We are long shares of WBS. Please click here to read full disclosures.
We are long shares of Webster Financial (WBS). Our full 44-page report is available here.
We also issued a letter to the company this morning encouraging management and the board of directors to explore strategic options to highlight the value of HSA Bank, including a potential spin-off of the asset.
Additionally, we will host in-person meetings on March 5th and 6th in New York to discuss our views with interested investors. Please contact myself and Theresa Callahan at email@example.com if you would be interested in attending these meetings.
Strong performing regional bank owns leading administrator of health savings accounts (HSAs)
Webster Financial (WBS) is a mid-sized regional bank holding an undiscovered multi-billion-dollar asset. On the surface, Webster is just another depository, albeit one with leading market share in Connecticut and surrounding areas. Despite consistently strong performance, including positive operating leverage and robust loan growth, Webster trades in line with its less impressive peers at 15x consensus 2015 earnings. Simply based on traditional banking metrics, Webster’s valuation is too cheap. But what truly makes Webster special is its HSA Bank unit, which, in the wake of its recently closed acquisition of a similar operation from JPMorgan, is now the nation’s largest provider of health savings accounts. These HSAs – tax-advantaged deposits tied to high-deductible health plans and used to pay for a wide range of qualified medical expenses – have exploded in popularity as employers and policy-makers search for ways to restrain health spending. HSA Bank has been at the forefront of this trend, growing its deposits organically at a 29% CAGR since 2005; today, with more than $4 billion under management and approximately 15% market share in a sector that is forecast to more than triple in size over the next several years, HSA Bank is poised for even greater success.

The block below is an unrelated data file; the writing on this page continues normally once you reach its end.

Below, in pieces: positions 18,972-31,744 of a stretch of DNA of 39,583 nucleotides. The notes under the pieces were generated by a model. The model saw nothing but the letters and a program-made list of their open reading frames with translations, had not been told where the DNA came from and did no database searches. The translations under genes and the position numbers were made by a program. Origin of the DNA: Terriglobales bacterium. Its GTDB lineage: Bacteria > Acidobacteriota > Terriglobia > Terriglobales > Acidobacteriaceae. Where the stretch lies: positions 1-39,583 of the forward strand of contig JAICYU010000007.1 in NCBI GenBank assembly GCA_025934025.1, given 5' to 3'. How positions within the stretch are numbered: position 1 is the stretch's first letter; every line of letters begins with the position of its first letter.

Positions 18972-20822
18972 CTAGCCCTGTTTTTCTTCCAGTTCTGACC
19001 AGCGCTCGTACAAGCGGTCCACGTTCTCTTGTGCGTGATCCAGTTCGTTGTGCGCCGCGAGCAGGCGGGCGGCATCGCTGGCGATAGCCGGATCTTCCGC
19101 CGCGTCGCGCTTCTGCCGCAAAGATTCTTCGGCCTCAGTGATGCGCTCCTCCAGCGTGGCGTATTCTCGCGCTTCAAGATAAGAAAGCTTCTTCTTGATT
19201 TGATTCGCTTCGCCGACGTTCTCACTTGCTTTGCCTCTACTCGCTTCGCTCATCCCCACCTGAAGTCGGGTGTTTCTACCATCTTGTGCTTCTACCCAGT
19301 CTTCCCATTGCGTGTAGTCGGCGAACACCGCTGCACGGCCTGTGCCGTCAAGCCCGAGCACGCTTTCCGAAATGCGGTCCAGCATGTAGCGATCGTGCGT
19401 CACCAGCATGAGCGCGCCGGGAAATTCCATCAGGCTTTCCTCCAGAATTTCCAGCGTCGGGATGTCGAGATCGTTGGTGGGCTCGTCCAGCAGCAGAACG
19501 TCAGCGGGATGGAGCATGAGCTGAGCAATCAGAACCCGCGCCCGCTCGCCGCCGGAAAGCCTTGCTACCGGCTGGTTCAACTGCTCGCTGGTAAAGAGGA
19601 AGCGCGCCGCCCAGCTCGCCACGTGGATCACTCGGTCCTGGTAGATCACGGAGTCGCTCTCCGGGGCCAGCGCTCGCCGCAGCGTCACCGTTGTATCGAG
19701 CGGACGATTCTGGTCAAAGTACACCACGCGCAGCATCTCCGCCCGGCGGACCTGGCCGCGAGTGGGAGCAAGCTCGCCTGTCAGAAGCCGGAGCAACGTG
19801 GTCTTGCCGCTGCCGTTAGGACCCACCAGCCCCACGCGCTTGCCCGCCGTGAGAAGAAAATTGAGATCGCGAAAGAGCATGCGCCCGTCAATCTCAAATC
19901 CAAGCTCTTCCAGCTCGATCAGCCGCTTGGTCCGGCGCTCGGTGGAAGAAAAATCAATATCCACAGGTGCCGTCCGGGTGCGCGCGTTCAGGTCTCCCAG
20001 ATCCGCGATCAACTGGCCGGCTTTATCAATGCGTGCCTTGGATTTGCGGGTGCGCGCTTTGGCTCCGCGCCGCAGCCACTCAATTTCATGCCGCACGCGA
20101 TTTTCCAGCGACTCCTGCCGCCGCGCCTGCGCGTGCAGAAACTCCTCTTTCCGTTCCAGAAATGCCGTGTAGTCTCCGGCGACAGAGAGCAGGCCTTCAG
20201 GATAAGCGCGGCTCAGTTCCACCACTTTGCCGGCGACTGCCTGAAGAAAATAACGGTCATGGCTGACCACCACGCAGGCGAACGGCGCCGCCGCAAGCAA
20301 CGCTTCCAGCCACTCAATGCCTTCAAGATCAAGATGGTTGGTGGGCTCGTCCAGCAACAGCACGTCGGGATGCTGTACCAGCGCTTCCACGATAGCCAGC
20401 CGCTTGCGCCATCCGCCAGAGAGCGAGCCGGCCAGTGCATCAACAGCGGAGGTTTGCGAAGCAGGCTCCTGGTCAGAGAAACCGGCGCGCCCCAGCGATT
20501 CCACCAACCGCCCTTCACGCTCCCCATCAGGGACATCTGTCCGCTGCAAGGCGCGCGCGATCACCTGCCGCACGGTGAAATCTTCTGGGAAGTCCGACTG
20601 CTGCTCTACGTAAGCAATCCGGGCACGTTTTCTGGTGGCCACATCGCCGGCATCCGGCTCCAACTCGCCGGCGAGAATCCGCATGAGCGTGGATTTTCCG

HSA Bank could easily trade for $2 billion
Investors recognize HSA Bank’s attractive growth prospects and unique value qualitatively, but have failed to recognize the magnitude of the upside. Making matters worse, Webster’s financial disclosures, though improving, have made it difficult to observe the HSA segment’s profitability directly. Fortunately, there is now a very clear comparable: last July, an HSA Bank competitor called HealthEquity (HQY), which is roughly half HSA Bank’s size, went public and has now garnered a $1 billion valuation. Scaling this valuation based on a variety of metrics, we estimate that HSA Bank could easily trade for $2 billion. Given Webster’s overall market cap of only $3 billion, shareholders are in effect getting the core regional bank – with $14 billion of loans and deposits and a mid-teens return on tangible common equity – at an incredible discount. To our knowledge, almost no one else has undertaken this simple analysis; indeed, few are even aware of HealthEquity’s existence, despite its obvious relevance.
Webster should spin off HSA Bank
Going further, we pull together the available information about the pro forma HSA Bank’s earnings power and, making straightforward assumptions, estimate a standalone DCF value of almost $17 per share. Using conservative peer multiples for the core bank, we value the combined business at $46, 36%]] above the current stock price. To cure the dramatic undervaluation of Webster’s solid, well-run regional franchise and high-growth HSA business, we urge the company’s board to consider a simple prescription: spinning off HSA Bank.